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Roundup – Imagine All Star People

Best of the Best:

Big Oil Is About to Lose Control of the Auto Industry [Reed Landberg on Bloomberg News] (4/16/15)

Costs are plunging in the electric car business as quickly as they did in the solar industry in the last decade. The price of lithium-ion batteries that power most electric cars has fallen 60 percent from 2010 and will keep declining at the same pace, BNEF estimates. That will bring the price of no-pollution cars within striking distance of ones that require gasoline within a decade. Fuel-cell cars also are moving from the laboratory to the showroom, starting in Japan with models from Toyota Motor Corp. and Honda Motor Co. By 2018, Japan will be the biggest market for fuel-cell vehicles, with 4,200 cars on the road, almost double the figure for the U.S., according to BNEF researcher Claire Curry. The future is not uniformly bright for clean energy. Investment in biofuels has plunged 90 percent since peaking at $29.8 billion in 2007. Gasoline substitutes made from corn and sugar in the form of ethanol represent about 10 percent of the U.S. fuel supply, but efforts to make an alternative from crops that can’t be eaten have stalled. And lower oil costs eat away at the economic rationale for cleaner fuels. See Also: – Fossil Fuels Just Lost the Race Against Renewables [Tom Randall on Bloomberg News] (4/14/15) – Why Nuclear Power Is All but Dead in the U.S. [Eric Raston on Bloomberg News] (4/15/15) – Musk’s Cousins Battle Utilities to Make Solar Rooftops Cheap [John Lippert and Chris Martin on Bloomberg News] (4/14/15)

The Ugly Truth About What’s Going Wrong in American Law Schools [Paul Barrett on Bloomberg News] (4/16/15)

My colleague Natalie Kitroeff ably chronicles the dismal times in legal education. “Fewer people with high Law School Admission Test scores are applying to and enrolling in law school, and less-qualified students are filling their slots,” she reports in her latest dispatch, and she’s got the stats to prove it. In December, Kitroeff investigated a burgeoning controversy over why bar exam passage rates plummeted last year, a trend, she notes, that appears to be persisting, if at a more moderate rate, as results begin to trickle in this year.Are law students getting dumber, foreshadowing a future dip in the talents available to legal clients nationwide? Or are aspiring attorneys getting a bad rap? The National Conference of Bar Examiners (NCBE), the nonprofit that creates the multiple-choice portion of the test used by many states, goes with the diminished-intellect theory. “The group that sat [for bar exams] in July 2014 was less able than the group that sat in July 2013,” NCBE President Erica Moeser said in a blunt memo to law deans last October. “That’s just baloney,” Brooklyn Law School’s Dean Nick Allard tells me. An innovative leader scrambling to keep his venerable institution afloat in a shrinking legal job market, Allard alleges darkly that unnamed pooh-bahs are fixing the system to exclude his scrappy students. “It’s a jaw-dropping story,” he says. “The NCBE is a powerful testing organization with a web of financial interests that has an outsize role in determining the future careers of law school graduates.” Tens of thousands of law school graduates, he adds, “are ripped off by the bar exam scam twice a year.” The NCBE’s Moeser flatly denies there’s anything awry. Her group rechecked its scoring and determined “the results are correct.” The best dispassionate analysis I’ve found suggests a testing snafu last year, but one that doesn’t account entirely for the larger air of crisis. Blogging at Law School Cafe, Deborah Merritt, a law professor at Ohio State University, explained in late March how a severe software glitch exacerbated test-taker anxiety and, through the magic of esoteric scoring techniques, rippled across the country. It’s a complicated account, well worth reading in full. Tallying the damage, Merritt estimates that “hundreds of test takers—probably more than 1,500 nationwide—failed the bar exam when they should have passed.” That’s not the tens of thousands of casualties mourned by Allard, but it’s a lot of people whose exams deserve another look. Over to you, NCBE. See Also: –The Smartest People Are Opting Out of Law School [Natalie Kitroeff on Bloomberg News] (4/15/15) –Is the Bar Exam Broken? Or Are Law Students Dumber? [Natalie Kitroeff on Bloomberg News] (12/10/14)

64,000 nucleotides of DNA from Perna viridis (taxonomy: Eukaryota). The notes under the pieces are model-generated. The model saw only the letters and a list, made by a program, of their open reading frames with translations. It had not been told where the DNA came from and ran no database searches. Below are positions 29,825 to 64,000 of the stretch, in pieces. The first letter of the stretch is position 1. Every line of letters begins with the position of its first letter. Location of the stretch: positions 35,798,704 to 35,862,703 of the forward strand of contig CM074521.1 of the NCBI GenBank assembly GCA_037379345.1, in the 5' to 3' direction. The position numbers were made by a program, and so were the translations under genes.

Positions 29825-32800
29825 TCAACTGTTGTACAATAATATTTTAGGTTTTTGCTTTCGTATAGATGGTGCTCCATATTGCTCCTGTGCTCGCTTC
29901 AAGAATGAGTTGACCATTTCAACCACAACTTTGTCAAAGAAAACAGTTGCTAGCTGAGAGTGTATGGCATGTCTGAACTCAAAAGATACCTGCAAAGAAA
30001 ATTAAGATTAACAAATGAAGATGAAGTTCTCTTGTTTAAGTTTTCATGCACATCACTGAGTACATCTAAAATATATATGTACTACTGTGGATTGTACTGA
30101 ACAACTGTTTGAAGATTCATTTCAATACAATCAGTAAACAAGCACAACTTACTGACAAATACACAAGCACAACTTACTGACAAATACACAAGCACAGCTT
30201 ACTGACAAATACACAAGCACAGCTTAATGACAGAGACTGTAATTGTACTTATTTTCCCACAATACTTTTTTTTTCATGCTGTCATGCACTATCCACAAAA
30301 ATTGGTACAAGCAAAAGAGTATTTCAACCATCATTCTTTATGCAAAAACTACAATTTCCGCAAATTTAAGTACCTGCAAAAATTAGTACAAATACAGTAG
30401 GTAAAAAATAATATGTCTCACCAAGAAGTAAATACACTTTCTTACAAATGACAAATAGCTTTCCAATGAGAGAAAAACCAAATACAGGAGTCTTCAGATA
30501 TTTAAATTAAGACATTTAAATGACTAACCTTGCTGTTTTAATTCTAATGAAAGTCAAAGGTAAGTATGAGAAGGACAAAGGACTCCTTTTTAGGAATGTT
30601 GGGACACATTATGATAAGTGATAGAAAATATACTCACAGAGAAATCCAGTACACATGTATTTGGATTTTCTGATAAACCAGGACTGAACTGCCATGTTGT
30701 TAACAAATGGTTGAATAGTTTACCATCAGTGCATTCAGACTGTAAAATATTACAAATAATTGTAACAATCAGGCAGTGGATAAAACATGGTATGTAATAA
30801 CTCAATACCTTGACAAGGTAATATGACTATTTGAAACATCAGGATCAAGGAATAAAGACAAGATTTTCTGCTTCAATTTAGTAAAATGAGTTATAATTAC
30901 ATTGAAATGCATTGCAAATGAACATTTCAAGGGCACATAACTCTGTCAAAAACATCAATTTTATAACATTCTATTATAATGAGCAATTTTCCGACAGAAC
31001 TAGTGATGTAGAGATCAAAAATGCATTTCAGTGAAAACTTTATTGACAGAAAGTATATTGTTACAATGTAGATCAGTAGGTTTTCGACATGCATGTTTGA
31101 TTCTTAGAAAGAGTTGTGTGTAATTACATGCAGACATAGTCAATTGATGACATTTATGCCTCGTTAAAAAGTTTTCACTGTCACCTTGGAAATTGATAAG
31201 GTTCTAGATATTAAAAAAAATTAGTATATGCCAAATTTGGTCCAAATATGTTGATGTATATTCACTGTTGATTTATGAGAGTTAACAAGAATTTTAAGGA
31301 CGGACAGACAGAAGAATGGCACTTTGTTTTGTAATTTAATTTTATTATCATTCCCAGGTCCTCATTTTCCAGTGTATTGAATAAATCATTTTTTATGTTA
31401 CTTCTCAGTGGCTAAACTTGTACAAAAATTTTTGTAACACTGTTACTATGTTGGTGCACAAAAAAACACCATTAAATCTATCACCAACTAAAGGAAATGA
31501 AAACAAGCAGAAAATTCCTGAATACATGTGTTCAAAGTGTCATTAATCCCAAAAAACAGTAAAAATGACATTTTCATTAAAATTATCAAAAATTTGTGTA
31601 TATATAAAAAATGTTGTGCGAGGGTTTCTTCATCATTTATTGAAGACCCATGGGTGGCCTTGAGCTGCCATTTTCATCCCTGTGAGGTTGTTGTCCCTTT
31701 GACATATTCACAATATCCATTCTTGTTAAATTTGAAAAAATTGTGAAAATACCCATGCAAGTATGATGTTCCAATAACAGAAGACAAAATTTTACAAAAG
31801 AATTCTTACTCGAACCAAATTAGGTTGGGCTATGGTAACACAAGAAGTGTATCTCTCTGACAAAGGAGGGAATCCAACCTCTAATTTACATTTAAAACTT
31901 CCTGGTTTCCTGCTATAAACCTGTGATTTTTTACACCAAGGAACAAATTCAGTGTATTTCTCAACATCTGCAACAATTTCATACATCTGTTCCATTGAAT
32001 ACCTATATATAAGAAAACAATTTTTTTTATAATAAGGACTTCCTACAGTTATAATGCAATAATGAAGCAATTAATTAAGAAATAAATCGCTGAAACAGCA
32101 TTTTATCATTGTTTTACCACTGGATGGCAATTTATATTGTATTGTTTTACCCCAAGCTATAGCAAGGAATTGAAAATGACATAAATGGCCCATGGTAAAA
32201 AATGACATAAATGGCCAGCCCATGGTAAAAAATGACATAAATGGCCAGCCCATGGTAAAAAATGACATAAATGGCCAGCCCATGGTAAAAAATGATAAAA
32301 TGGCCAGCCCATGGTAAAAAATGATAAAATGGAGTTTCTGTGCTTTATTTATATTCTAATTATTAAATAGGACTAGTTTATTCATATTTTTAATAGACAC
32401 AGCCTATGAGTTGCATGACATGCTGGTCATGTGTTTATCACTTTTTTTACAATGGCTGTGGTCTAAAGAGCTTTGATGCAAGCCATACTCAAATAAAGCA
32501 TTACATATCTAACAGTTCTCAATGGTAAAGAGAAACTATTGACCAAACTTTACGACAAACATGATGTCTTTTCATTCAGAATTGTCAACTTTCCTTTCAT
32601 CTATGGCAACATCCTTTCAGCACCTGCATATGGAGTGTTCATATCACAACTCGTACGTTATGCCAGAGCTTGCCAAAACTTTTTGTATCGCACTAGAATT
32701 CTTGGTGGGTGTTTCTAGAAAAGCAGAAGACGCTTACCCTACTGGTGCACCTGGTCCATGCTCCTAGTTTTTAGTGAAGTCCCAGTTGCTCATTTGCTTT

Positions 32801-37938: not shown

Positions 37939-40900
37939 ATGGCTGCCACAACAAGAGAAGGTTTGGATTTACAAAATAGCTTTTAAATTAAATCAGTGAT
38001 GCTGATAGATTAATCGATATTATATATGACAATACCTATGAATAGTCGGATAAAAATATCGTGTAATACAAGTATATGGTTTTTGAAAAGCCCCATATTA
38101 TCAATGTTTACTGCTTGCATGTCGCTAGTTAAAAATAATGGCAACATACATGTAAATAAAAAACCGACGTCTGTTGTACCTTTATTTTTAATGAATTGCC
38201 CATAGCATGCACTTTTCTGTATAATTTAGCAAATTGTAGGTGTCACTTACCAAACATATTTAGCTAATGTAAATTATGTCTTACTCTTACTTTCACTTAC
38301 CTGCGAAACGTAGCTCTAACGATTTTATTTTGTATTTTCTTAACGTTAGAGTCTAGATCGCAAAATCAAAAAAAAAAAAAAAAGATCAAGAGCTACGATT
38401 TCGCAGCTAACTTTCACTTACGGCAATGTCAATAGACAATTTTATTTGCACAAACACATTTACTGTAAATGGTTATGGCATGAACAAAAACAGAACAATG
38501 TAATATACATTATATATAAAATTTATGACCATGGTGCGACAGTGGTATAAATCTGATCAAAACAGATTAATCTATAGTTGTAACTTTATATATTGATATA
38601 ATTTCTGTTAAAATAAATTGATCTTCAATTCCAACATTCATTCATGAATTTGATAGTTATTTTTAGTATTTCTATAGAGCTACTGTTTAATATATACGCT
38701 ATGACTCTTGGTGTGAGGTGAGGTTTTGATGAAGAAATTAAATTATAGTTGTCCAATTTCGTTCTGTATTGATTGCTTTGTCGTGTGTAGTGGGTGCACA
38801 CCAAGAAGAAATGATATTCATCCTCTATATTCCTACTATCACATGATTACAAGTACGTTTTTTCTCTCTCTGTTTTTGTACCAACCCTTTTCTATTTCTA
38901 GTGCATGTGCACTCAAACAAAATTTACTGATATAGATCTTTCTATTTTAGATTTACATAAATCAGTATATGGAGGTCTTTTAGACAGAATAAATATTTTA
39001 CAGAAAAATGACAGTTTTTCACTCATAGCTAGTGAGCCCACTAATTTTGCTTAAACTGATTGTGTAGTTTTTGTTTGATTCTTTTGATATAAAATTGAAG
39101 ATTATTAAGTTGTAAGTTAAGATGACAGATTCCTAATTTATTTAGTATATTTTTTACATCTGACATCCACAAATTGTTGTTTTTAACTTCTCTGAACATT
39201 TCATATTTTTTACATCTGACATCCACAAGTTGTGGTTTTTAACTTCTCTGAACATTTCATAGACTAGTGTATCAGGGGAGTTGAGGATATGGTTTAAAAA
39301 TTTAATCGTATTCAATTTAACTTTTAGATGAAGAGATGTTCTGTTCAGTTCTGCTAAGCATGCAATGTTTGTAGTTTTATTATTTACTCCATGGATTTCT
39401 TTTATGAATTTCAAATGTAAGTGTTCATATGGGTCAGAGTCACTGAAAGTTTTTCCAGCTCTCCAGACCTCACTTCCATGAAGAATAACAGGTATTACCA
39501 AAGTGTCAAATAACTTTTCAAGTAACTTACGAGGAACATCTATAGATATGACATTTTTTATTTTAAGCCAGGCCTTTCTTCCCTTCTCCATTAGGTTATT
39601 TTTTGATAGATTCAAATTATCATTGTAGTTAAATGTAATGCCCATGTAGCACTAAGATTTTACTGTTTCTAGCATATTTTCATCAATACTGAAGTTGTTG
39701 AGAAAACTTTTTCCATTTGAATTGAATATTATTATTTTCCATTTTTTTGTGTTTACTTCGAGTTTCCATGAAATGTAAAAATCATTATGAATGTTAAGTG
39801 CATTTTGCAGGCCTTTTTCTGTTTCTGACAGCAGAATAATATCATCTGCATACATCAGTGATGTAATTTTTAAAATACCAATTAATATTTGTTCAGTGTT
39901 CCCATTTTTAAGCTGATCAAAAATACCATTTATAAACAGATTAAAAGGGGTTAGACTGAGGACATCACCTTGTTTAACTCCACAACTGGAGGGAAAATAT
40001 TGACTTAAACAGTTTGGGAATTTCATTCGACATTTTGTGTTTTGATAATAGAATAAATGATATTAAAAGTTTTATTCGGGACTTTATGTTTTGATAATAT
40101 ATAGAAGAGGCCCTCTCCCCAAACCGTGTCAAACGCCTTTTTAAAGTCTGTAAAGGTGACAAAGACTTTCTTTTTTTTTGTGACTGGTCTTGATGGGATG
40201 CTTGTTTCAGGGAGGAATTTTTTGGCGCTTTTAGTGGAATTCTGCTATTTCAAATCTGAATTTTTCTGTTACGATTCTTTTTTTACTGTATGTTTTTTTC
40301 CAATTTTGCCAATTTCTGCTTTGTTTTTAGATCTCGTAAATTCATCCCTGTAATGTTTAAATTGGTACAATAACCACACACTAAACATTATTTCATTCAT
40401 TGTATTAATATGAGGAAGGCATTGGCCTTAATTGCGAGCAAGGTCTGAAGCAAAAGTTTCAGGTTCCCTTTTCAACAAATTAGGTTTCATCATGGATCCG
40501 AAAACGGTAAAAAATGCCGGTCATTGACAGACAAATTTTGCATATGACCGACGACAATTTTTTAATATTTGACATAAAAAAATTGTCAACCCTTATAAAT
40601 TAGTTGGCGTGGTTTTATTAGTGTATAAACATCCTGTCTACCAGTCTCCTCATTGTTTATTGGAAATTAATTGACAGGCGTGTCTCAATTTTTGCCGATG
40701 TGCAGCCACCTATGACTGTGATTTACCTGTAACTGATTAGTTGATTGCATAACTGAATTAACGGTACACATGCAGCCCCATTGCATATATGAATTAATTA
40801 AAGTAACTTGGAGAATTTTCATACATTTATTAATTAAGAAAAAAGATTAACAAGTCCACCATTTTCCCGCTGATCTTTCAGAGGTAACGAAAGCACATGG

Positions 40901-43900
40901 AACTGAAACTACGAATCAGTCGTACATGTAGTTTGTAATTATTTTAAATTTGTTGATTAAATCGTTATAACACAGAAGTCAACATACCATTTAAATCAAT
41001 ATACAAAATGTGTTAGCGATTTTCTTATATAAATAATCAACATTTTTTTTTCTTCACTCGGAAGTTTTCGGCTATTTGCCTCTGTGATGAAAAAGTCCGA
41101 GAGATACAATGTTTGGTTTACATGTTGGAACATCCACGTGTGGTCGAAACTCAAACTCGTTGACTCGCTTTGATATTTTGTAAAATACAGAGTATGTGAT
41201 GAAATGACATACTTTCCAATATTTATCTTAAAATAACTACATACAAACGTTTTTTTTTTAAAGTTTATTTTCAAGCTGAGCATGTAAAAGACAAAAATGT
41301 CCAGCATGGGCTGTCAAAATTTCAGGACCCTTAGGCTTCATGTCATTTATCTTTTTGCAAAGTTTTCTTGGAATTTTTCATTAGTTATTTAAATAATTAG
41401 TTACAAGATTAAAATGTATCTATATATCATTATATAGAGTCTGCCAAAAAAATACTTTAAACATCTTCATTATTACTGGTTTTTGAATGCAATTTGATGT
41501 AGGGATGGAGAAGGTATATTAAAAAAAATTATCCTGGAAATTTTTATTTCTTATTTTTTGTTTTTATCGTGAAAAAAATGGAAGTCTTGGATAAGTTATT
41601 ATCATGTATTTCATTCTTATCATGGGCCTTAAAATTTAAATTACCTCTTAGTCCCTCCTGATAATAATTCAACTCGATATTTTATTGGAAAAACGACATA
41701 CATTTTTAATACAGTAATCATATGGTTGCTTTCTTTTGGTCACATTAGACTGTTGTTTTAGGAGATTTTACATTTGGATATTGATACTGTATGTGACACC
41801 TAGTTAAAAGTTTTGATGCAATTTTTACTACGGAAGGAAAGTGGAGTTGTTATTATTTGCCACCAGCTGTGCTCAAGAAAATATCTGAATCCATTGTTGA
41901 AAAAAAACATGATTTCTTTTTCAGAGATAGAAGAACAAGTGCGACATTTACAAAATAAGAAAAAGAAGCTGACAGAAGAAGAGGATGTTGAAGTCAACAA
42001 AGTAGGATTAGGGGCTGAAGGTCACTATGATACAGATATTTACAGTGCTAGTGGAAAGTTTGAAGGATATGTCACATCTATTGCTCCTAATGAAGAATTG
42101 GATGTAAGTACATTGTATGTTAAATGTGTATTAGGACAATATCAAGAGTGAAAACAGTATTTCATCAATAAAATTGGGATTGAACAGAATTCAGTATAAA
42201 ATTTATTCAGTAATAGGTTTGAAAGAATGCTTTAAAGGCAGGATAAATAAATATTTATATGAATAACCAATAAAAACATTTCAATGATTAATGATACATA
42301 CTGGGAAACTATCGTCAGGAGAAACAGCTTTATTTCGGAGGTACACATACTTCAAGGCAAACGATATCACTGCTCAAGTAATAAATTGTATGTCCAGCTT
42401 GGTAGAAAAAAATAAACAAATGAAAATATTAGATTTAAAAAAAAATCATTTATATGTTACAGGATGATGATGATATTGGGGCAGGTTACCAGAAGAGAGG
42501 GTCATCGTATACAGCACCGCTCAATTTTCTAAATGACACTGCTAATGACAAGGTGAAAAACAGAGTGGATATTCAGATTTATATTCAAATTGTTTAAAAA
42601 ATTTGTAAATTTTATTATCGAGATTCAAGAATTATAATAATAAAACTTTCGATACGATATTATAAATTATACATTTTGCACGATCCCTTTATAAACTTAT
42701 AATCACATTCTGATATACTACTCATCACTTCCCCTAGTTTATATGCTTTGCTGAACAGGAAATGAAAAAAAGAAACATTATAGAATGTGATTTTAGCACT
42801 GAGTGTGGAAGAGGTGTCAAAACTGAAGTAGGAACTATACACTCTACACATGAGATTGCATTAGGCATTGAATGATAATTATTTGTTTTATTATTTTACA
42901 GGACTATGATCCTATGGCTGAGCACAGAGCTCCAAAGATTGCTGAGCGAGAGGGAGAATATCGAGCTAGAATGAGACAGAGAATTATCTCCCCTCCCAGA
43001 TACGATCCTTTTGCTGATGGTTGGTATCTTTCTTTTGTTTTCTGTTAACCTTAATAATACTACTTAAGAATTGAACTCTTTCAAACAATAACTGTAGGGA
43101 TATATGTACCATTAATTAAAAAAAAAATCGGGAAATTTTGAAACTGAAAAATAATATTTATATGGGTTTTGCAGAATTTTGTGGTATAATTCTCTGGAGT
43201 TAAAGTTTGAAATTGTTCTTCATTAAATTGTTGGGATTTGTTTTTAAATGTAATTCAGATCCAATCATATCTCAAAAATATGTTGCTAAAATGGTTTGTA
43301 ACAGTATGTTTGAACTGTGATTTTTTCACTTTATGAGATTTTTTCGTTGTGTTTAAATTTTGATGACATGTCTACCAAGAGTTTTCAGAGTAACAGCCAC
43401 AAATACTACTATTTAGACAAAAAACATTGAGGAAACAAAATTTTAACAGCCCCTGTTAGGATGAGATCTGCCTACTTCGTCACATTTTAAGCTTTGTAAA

The end of Moore’s law [The Economist] (4/19/15)

If Moore’s law has started to flag, it is mainly because of economics. As originally stated by Mr Moore, the law was not just about reductions in the size of transistors, but also cuts in their price. A few years ago, when transistors 28nm wide were the state of the art, chipmakers found their design and manufacturing costs beginning to rise sharply. New “fabs” (semiconductor fabrication plants) now cost more than $6 billion. In other words: transistors can be shrunk further, but they are now getting more expensive. And with the rise of cloud computing, the emphasis on the speed of the processor in desktop and laptop computers is no longer so relevant. The main unit of analysis is no longer the processor, but the rack of servers or even the data centre. The question is not how many transistors can be squeezed onto a chip, but how many can be fitted economically into a warehouse. Moore’s law will come to an end; but it may first make itself irrelevant.

Malled: The Hollowing Out of an American Institution. ‘We Surrender’ [Matt Townsend on Bloomberg News] (11/21/14)